Arnold SCHOENBERG (1874-1951)
String Quartet No. 2 Op. 10 [30:46]
String Quartet No. 4 Op. 37 [33:26]
Malin Hartelius (soprano)
rec. SRF Studio, Zürich, 2016
BIS BIS-2267 SACD [64:59]
For a long time I have favoured the Arditti String Quartet’s version of the Schoenberg (MO 782024), and this despite finding the voice of Dawn Upshaw a little too smooth for the music. After this set vanished from my collection I have made do with the LaSalle Quartet on Brilliant (9016), Margaret Price in the final two movements of the String Quartet No. 2 having the edge over Upshaw. Whilst I appreciate that putting the Arditti ahead of the LaSalle might be a sacrilege for some, there is just a little something that moves me more.
In this company the Gringolts Quartet and Malin Hartelius have hard acts to follow, and while they give excellent and committed performances, for me they just don’t quite make it to the heights of the Arditti. They are not far off, however. I find their performance a little too polished at times, this takes the edge of the music. At other times, though, the greater sound quality leads to greater insight into the music. This is especially so in the Litanei, Langsam and Entrückung Sehr langsam movements of No. 2 where the words of Stefan George are enunciated perfectly by Malin Hartelius. Hartelius manages to bring the angst out of the text far more than either Upshaw or Price achieves. It is just little things that for me win the day for the Arditti, but their performance is heard in the context of the complete string quartets. When the Gringolts Quartet record the rest, and I hope that BIS does let them record the first and third as well as the early D Major, my opinion might well change.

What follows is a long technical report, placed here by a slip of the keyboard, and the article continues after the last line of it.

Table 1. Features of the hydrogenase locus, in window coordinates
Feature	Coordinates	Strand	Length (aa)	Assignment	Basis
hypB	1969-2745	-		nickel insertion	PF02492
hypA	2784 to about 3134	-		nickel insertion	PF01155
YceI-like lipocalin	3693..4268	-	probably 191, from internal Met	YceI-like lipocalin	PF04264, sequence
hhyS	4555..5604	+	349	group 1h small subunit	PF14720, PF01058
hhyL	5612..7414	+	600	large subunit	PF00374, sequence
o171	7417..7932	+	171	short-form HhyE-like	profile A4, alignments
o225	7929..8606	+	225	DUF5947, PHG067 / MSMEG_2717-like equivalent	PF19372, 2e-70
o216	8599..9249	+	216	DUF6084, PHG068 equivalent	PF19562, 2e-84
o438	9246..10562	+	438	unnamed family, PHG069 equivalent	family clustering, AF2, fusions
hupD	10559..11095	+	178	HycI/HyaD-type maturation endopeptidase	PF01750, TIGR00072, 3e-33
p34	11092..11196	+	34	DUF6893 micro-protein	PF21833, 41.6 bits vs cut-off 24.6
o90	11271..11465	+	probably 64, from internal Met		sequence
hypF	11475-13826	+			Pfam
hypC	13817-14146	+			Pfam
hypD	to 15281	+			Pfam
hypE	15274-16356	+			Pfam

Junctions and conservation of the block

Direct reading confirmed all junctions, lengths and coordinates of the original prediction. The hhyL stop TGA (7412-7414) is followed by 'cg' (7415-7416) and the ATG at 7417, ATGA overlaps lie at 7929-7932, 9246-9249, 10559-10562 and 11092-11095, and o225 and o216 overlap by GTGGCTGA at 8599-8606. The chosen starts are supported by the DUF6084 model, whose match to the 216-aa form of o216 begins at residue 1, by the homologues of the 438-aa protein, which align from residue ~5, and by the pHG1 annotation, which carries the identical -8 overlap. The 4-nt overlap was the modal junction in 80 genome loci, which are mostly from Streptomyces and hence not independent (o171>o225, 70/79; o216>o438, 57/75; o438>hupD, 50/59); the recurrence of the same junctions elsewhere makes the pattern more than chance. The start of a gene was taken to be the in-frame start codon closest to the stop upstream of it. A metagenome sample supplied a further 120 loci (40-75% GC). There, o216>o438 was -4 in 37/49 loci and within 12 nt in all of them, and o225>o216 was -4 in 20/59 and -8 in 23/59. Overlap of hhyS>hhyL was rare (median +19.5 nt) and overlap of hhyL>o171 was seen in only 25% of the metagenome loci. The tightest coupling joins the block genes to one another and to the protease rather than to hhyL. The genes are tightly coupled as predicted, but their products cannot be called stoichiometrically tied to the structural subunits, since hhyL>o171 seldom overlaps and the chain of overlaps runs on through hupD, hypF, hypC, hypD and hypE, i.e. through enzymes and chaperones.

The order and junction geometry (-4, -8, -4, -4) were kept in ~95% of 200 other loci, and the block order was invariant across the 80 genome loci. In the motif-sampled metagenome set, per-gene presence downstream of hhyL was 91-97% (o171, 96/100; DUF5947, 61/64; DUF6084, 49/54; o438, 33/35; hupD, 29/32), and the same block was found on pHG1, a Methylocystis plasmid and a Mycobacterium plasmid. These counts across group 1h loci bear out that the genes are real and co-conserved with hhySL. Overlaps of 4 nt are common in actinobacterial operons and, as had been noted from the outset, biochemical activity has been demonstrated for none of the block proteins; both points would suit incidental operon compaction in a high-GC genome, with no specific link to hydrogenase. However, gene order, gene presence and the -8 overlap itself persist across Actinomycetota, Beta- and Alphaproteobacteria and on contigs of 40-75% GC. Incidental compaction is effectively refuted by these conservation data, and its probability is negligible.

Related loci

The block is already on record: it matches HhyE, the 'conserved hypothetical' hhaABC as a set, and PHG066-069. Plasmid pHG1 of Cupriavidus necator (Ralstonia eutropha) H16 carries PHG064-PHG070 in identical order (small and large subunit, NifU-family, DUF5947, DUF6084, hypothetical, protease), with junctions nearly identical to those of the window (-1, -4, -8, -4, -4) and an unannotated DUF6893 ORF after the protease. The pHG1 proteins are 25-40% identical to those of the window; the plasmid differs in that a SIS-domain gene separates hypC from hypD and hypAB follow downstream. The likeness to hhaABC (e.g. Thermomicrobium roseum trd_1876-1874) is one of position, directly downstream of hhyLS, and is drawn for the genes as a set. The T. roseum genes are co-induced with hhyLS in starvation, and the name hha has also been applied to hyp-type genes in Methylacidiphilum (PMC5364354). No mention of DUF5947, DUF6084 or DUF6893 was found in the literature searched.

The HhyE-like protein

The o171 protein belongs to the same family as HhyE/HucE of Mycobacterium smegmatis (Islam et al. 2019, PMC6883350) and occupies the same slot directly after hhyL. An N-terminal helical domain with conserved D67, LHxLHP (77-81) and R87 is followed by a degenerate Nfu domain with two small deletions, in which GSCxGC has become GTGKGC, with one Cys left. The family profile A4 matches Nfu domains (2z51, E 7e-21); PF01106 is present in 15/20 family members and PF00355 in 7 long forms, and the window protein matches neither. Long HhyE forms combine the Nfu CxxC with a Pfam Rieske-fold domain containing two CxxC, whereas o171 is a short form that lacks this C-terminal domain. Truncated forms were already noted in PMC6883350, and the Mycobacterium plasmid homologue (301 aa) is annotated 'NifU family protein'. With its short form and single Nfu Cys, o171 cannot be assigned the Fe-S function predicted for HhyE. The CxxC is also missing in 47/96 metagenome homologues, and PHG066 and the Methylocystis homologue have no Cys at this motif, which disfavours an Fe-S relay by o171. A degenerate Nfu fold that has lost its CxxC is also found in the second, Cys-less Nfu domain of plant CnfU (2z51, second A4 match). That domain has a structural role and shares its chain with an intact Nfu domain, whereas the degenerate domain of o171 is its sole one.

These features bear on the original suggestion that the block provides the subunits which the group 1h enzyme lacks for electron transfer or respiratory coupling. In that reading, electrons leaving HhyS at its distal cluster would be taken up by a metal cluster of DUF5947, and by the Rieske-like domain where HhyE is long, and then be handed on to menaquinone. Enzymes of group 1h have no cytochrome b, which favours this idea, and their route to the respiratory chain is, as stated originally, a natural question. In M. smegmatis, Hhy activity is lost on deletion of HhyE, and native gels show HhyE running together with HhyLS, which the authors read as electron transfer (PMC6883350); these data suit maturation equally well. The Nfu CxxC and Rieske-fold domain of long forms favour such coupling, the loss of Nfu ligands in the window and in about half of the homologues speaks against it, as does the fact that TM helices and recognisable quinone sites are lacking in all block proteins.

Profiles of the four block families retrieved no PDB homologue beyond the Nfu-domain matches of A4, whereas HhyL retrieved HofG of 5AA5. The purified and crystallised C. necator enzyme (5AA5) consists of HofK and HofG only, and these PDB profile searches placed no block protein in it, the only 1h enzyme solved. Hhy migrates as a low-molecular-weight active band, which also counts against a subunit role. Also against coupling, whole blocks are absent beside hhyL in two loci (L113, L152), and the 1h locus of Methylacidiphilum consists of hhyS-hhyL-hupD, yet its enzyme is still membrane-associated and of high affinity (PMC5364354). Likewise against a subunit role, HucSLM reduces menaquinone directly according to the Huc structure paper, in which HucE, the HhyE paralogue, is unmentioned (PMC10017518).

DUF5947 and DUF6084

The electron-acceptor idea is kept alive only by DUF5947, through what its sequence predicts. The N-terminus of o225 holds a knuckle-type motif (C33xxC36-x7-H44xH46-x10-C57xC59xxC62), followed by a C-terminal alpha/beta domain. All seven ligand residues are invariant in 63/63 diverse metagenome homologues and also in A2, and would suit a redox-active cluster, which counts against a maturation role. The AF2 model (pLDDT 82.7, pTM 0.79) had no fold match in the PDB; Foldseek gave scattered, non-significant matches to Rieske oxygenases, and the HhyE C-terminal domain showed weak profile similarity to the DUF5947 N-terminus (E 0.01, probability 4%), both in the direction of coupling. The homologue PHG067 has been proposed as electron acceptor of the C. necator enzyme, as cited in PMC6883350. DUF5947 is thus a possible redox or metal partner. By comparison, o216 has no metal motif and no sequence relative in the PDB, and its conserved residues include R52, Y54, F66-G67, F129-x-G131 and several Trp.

So for me, whilst the Gringolts Quartet does not achieve top billing at the moment, this recording has a lot going for it, and they might well achieve the top if BIS allows them to record the next instalment. As of now, one of the winning aspects of this recording is the recorded sound, by far the best, and I have only had a chance to listen to the stereo version at the moment. Another is the booklet essays which have been drawn from experts at the Arnold Schönberg Centre, Vienna. These are the most informative and enlightening of all the notes I know.
Previous review: Dave Billinge